It might not be the razor’s edge in motorcycle technology, but Glen Cavers loves his AJS
In 1950, a brand new single-cylinder, 500 cc AJS 18S motorcycle rolled off the British assembly line. After 62 years, it’s alive and well and under the care of Glen Cavers at his home near Erin.
“The AJS has been with me since I bought it in boxes in 1970, with the exception of about 14 years from 1995 on where I sold it to some friends,” said Cavers.
“(It was) a move that I regretted for many years. but I now have it back.
“I like to ride it, not just look at it and the bike has done several hundred miles this year to rallies and on rides.”
AJS, short for A.J. Stevens & Co. Ltd., started making motorcycles in 1909 in Wolverhampton, England and during the 20’s and 30’s was known for building some of the fastest, most prestigious bikes on the market, including overhead cam V-fours.
It was a reputation forged by setting 117 motorcycle world records between 1909 and 1931, when the company fell on hard times, went bankrupt and was purchased by Matchless.
In 1938, AJS became part of a group called Associated Motorcycles.
Since 2002, AJS have distributed a range of 124 cc to 300 cc Chinese produced road bikes in trail, roadster and custom cruiser styles. Their main market is Learner Legal 125’s. Bikes. AJS Motorcycles Ltd. also sell Stormer/Villiers Starmaker spares and Classic Competition Accessories.
As the British navy once ruled the waves, Britain also reigned over the motorcycle sector. So much so, there was little heed paid to a Japanese piston ring maker named Soichiro Honda when he started grafting war surplus two-stroke motors onto bicycles in 1946 and selling them as affordable transportation.
What eventually happened was that Honda, and other Japanese bike manufacturers, got exponentially better while British technology stayed relatively stagnant. Cavers, himself, also owns a Kawasaki.
Yet, he continues to love his AJS, despite its idiosyncrasies.
For example, Cavers has to turn the fuel tap on when starting his manual model 18S.
He then has to “tickle the carburetor”, retard the spark, and use the compression release to get the piston at the correct point before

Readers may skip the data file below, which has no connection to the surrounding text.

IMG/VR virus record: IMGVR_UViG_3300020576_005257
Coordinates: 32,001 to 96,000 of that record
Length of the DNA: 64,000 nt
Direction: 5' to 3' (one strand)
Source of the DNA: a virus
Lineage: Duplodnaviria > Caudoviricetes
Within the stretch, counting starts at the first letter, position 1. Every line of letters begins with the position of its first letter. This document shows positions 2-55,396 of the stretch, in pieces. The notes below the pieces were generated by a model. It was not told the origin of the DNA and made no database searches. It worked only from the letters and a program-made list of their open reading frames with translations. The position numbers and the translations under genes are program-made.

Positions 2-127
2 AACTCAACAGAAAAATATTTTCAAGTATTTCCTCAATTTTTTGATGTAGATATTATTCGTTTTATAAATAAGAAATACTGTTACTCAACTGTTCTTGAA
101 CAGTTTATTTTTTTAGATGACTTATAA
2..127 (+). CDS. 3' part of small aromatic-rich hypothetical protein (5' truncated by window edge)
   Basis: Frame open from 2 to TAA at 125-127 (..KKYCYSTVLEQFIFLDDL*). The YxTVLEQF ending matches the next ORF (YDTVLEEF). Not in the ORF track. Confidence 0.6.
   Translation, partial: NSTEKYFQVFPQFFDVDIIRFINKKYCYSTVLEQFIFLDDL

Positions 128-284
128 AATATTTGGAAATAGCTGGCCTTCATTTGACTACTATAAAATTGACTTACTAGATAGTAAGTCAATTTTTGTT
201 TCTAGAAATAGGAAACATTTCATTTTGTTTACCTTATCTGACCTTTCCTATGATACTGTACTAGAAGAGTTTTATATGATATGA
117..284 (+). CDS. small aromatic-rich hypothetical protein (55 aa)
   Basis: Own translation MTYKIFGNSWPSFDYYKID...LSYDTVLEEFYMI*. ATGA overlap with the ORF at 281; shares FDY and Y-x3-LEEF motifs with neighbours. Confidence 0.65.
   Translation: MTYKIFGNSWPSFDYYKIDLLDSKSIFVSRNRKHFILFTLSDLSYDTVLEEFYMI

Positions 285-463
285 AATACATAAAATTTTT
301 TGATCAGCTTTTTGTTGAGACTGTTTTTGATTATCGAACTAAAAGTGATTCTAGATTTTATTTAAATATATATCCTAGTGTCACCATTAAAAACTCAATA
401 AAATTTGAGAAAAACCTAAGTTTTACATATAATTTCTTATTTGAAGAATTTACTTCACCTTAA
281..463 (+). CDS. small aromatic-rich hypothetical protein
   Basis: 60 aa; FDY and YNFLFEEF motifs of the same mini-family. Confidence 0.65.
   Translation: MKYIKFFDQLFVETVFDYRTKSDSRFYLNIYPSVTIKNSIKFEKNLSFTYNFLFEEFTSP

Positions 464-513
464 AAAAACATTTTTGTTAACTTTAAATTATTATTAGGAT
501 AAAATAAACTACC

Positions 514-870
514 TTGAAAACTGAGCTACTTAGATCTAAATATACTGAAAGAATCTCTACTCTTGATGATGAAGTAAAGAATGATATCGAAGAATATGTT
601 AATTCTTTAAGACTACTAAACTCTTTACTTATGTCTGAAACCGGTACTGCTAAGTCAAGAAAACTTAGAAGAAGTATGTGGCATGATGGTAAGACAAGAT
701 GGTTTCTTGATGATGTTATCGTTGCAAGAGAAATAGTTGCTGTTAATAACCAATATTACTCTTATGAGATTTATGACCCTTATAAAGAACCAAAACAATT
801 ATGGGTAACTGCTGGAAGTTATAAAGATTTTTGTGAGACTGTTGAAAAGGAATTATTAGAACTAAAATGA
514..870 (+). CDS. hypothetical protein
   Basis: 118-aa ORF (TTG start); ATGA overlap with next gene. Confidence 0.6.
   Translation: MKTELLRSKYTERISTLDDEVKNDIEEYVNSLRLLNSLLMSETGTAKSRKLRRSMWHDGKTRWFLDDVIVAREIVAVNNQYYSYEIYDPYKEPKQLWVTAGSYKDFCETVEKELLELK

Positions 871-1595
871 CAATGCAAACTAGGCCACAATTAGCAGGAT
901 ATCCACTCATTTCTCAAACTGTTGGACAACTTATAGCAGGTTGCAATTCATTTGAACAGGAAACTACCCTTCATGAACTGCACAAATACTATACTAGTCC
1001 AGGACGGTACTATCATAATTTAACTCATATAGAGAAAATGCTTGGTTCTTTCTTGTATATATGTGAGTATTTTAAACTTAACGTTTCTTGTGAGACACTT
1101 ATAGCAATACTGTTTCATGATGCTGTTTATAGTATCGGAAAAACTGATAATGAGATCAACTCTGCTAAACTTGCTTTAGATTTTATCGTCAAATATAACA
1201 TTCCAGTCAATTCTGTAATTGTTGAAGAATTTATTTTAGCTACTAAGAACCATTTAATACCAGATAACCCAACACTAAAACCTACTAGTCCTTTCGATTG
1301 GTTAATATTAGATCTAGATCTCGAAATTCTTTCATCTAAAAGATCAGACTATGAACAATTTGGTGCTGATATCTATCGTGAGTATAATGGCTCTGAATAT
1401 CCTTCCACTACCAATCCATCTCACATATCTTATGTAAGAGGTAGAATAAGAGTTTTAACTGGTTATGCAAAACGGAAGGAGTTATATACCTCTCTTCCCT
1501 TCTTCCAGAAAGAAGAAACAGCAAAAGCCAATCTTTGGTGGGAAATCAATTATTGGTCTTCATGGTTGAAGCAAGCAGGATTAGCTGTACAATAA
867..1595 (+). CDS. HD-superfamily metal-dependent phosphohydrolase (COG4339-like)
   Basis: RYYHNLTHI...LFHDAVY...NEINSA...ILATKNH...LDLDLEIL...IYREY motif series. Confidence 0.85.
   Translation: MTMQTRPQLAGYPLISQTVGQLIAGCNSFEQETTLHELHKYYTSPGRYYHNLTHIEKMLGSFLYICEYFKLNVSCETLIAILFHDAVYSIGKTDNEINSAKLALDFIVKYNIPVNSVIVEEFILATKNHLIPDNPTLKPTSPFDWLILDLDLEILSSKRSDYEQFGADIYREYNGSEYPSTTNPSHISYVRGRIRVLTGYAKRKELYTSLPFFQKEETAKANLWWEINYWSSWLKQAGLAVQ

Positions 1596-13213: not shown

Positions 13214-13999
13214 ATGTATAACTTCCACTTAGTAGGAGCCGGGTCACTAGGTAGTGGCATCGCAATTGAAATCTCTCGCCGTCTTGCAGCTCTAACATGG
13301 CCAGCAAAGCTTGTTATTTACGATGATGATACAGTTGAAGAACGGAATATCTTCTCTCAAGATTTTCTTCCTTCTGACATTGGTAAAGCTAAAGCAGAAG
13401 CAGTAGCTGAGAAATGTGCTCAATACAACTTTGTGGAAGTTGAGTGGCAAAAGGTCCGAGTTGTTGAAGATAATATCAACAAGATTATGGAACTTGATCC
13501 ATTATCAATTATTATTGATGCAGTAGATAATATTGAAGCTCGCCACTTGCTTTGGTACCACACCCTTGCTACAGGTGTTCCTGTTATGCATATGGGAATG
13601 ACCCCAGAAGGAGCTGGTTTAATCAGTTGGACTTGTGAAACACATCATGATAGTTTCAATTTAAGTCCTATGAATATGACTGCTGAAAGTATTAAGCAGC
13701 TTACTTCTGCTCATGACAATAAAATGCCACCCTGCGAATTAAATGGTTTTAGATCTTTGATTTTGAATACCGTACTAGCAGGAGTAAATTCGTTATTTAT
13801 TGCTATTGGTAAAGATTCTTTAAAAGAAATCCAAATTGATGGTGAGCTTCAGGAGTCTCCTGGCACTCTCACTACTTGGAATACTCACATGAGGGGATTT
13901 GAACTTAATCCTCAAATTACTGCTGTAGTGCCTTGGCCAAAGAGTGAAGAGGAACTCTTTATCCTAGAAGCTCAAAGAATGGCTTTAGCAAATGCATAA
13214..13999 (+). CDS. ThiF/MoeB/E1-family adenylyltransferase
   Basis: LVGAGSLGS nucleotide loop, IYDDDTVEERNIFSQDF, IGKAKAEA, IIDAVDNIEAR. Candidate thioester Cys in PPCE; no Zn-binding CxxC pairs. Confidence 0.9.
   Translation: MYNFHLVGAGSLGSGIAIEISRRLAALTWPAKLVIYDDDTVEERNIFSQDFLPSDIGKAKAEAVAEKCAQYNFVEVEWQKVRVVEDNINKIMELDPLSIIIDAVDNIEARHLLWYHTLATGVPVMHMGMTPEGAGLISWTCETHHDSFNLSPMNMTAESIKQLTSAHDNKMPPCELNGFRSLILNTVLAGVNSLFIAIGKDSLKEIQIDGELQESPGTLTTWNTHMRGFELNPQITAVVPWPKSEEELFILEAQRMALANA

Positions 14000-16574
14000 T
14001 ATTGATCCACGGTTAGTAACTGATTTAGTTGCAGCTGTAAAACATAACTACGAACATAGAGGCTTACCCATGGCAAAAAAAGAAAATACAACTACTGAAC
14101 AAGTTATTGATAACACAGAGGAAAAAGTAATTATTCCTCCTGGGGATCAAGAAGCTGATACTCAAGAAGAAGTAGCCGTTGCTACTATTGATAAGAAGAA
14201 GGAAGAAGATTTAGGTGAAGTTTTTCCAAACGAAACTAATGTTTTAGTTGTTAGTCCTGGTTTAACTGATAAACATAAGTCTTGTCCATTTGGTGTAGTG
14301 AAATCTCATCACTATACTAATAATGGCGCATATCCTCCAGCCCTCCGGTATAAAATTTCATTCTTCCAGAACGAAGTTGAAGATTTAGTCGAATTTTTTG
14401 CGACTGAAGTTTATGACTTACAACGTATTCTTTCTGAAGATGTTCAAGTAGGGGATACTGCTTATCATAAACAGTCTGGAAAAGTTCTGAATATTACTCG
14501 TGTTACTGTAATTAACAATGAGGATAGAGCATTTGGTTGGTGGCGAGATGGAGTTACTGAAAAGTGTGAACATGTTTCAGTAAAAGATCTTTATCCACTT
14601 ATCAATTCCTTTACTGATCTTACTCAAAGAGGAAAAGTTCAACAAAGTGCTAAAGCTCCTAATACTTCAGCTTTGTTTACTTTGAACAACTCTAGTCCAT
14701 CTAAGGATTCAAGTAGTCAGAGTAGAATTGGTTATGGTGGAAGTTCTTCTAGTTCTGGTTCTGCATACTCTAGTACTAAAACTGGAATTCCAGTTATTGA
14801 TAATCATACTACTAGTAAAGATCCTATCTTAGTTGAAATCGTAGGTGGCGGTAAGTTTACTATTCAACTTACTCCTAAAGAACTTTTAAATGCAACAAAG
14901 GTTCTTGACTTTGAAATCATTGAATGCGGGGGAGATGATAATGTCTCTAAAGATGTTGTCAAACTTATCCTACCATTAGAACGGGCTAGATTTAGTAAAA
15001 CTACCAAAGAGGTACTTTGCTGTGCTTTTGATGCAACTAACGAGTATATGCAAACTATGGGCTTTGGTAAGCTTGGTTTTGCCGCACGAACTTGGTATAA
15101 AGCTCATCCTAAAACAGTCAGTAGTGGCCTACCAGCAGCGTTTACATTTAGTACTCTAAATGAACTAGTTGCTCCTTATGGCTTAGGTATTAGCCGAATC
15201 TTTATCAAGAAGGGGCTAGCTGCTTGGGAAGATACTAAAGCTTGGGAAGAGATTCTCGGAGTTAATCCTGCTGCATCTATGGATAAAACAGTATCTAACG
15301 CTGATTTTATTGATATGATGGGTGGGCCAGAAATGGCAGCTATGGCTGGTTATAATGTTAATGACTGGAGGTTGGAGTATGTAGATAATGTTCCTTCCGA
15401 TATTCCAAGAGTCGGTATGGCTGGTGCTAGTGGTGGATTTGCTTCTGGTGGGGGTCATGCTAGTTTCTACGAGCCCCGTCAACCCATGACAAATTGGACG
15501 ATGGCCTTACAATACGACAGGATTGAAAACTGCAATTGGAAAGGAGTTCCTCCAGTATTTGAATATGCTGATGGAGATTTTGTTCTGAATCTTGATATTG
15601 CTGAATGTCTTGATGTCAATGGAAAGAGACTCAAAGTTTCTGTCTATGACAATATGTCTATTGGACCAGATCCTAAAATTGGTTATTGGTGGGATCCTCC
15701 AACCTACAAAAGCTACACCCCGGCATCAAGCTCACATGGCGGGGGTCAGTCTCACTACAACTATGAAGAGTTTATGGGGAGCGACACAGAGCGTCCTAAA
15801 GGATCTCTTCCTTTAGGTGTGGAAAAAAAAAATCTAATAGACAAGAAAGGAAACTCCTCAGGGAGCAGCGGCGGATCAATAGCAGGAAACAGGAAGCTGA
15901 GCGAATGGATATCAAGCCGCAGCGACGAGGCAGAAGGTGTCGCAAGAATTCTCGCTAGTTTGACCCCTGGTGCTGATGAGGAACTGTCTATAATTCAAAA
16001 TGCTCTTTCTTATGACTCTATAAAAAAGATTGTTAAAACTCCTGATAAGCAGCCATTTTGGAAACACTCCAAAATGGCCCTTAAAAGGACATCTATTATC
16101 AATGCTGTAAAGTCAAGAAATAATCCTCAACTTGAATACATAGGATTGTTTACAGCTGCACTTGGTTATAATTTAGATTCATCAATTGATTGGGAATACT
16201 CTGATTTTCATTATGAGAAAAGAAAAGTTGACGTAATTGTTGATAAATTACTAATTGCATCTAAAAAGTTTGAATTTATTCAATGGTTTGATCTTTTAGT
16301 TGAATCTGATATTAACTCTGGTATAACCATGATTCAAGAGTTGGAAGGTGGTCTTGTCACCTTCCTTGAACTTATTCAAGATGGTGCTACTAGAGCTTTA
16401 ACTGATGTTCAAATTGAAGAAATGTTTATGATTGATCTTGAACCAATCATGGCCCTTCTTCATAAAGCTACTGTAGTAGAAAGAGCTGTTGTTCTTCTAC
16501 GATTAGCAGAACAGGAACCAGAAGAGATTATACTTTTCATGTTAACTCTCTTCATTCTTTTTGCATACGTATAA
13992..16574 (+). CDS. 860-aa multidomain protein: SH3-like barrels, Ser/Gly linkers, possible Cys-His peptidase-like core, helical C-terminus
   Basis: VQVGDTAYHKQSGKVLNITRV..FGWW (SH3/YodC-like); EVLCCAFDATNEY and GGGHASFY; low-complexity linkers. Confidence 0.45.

kicking the bike over.
“You can do it in a split second,” insists Cavers, “once you know what you’re doing.” The biggest challenge is to remember to shift up for low with the right side shifter which is completely opposite of modern bikes.
Although history tells us the British might have lost the battle to win the motorcycle market, their bikes have certainly not been forgotten. In fact, vintage U.K. models occupy three of the spots in a recent list of the ten most expensive motorcycles in the world.
A 1928 Royal Coventry Eagle came in at number nine. A Vincent Black Shadow, (the most coveted bike of celebrity motorcycle aficionado Jay Leno) was listed at number four.
Coming in at number two is none other than a rare 1954 AJS Porcupine E95 racing motorcycle. Only four came off the line, to begin with, and it has been estimated the bike could bring in close to $750,000 US at auction.
As well, one cannot dismiss the nostalgia factor that surrounds British bikes. Cavers has experienced it, first hand.
Taking the AJS to a recent show, he was approached by a gentleman who asked him to stop by a red pickup truck in the next field and see the man’s father, who appeared to be in his late 80s,and confined to a wheelchair.
Cavers recalled the man being gruff at first, but his demeanor changed instantly when he realized Cavers was astride his AJS.
“He suddenly sat up in the seat and had a huge smile on his face,” said Cavers. (He) started to tell me about owning four Matchless motorcycles in his younger days. He told me how he had switched parts and made his 350 into a 500, which is quite easy with these bikes.
“Matchless owned AJS at that time and the bikes were almost identical except for the badges. We had a nice talk. Then he grabbed my hand and gave it a big shake. This contact made the whole day worthwhile.”
Written by Dan Pelton